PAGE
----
Pediatric Surgery (Dr. Robert Cowles)

Harboring specific clinical interests in pediatric gastrointestinal and hepatobiliary diseases, Dr. Cowles directs a research laboratory focused on intestinal physiology. Specific interests involve the neural control of intestinal adaptation, neural processes involved in recovery from intestinal injury, and the ability of the Enteric Nervous System (ENS) to regenerate.

The primary focus of the lab includes defining the roles of various enteric neurotransmitters, particularly serotonin (5-HT) and acetylcholine (ACh), on small intestinal mucosal proliferation with the objective to develop new therapies for gastrointestinal malabsorptive disorders, such as short bowel syndrome.

Previous work from this laboratory has established the role of enteric 5-HT as a mucosal growth factor, demonstrating de novo intestinal mucosal growth in mouse models of potentiated 5-HT signaling. More recently, we have been exploring the effects of specific 5-HT receptor agonists on mucosal proliferation, coupled with in vitro studies aimed at delineating the signaling pathways and mechanisms at the cellular and molecular level. Other ongoing projects include studying the protective effects of potentiated 5-HT signaling in intestinal ischemia-reperfusion injury.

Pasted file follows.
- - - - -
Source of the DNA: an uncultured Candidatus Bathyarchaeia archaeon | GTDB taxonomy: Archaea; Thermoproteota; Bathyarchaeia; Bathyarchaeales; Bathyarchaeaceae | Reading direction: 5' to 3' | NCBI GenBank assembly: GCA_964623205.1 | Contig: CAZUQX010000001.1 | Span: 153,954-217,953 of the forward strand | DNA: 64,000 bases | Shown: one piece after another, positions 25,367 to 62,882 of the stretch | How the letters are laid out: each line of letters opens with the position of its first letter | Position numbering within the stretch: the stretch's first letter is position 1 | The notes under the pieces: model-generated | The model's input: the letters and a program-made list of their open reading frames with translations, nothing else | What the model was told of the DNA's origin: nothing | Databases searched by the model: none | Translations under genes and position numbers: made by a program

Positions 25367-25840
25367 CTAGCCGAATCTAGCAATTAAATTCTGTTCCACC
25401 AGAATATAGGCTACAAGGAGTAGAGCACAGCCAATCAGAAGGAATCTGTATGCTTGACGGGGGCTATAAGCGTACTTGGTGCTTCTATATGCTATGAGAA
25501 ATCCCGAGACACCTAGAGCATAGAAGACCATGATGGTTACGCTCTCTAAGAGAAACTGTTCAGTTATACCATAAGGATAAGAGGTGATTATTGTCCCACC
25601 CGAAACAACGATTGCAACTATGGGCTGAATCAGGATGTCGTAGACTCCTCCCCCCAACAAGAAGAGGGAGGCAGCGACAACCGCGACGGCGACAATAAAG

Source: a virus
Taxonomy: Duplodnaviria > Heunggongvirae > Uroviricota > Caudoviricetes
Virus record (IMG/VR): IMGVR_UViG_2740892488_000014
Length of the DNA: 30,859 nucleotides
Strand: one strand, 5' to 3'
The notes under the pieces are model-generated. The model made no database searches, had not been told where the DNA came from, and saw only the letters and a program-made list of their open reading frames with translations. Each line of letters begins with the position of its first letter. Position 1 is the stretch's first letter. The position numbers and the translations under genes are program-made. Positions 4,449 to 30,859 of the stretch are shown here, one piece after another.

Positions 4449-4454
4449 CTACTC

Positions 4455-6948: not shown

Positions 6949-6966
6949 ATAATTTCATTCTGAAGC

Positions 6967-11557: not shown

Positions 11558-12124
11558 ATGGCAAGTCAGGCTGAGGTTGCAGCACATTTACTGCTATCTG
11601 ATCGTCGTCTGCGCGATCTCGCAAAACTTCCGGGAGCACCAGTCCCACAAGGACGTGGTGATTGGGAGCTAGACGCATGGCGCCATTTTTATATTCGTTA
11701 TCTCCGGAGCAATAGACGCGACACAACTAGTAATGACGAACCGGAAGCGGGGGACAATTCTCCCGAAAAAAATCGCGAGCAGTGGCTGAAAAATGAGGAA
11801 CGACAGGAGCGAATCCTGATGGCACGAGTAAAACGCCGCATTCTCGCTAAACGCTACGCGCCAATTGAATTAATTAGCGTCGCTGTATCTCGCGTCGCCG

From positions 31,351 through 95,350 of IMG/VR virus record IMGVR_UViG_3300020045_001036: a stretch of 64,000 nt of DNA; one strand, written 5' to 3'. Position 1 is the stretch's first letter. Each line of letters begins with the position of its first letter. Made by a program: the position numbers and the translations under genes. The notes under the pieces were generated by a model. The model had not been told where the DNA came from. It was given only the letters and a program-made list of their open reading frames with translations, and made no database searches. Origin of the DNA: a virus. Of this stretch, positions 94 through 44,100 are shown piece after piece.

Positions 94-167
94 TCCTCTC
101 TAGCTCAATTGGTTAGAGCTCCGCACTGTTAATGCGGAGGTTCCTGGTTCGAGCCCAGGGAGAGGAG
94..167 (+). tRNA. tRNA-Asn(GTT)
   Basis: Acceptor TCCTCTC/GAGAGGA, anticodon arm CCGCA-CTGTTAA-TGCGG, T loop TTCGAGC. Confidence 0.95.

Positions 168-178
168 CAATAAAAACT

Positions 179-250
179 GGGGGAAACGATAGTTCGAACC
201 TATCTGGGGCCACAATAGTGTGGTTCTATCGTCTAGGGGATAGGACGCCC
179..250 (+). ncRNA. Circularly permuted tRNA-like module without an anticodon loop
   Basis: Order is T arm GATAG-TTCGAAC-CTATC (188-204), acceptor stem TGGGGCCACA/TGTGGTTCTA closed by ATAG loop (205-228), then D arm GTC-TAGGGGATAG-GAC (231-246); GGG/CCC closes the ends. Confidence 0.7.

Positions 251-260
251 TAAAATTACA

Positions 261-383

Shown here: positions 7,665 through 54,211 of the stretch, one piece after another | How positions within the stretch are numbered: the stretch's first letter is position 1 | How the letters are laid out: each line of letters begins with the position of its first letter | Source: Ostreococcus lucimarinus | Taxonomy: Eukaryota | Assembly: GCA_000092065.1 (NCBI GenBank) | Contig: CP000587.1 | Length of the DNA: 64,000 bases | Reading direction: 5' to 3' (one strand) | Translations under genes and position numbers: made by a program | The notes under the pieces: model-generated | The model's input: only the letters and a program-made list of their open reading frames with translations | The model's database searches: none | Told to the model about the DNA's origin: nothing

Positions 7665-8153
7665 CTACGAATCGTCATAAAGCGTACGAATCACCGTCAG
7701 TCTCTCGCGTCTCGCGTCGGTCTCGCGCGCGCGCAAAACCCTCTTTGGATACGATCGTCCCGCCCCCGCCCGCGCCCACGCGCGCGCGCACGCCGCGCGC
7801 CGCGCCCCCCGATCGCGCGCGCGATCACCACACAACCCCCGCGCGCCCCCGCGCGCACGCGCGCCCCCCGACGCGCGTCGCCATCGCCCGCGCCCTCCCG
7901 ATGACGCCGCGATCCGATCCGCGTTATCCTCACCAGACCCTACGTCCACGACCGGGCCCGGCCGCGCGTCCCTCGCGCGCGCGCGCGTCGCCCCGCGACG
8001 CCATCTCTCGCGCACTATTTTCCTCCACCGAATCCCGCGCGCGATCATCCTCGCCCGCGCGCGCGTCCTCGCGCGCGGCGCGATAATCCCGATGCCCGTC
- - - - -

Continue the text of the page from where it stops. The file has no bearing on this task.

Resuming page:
Future directions of the lab are aimed at transitioning our previous work in mice to a surgical short bowel model in piglets and defining the role of the small intestinal microbiome in mucosal homeostasis.

The lab is funded by foundation grants and through the section of pediatric surgery and welcomes residents from Yale and other programs throughout the country. Our lab is ideally suited for self-motivated residents interested in pursuing an academic career in pediatric surgery or general surgery. Research Fellows present their work at various national meetings such as ACS, AAP, APSA, and ASC. Each Fellow typically publishes 3-6 first-author original scientific publications as well as review articles, clinical studies, case reports, and book/monograph chapters.

Interested residents and students should contact Dr. Cowles directly at: robert.cowles@yale.edu

Yale Endocrine Neoplasia Laboratory (Dr. Tobias Carling)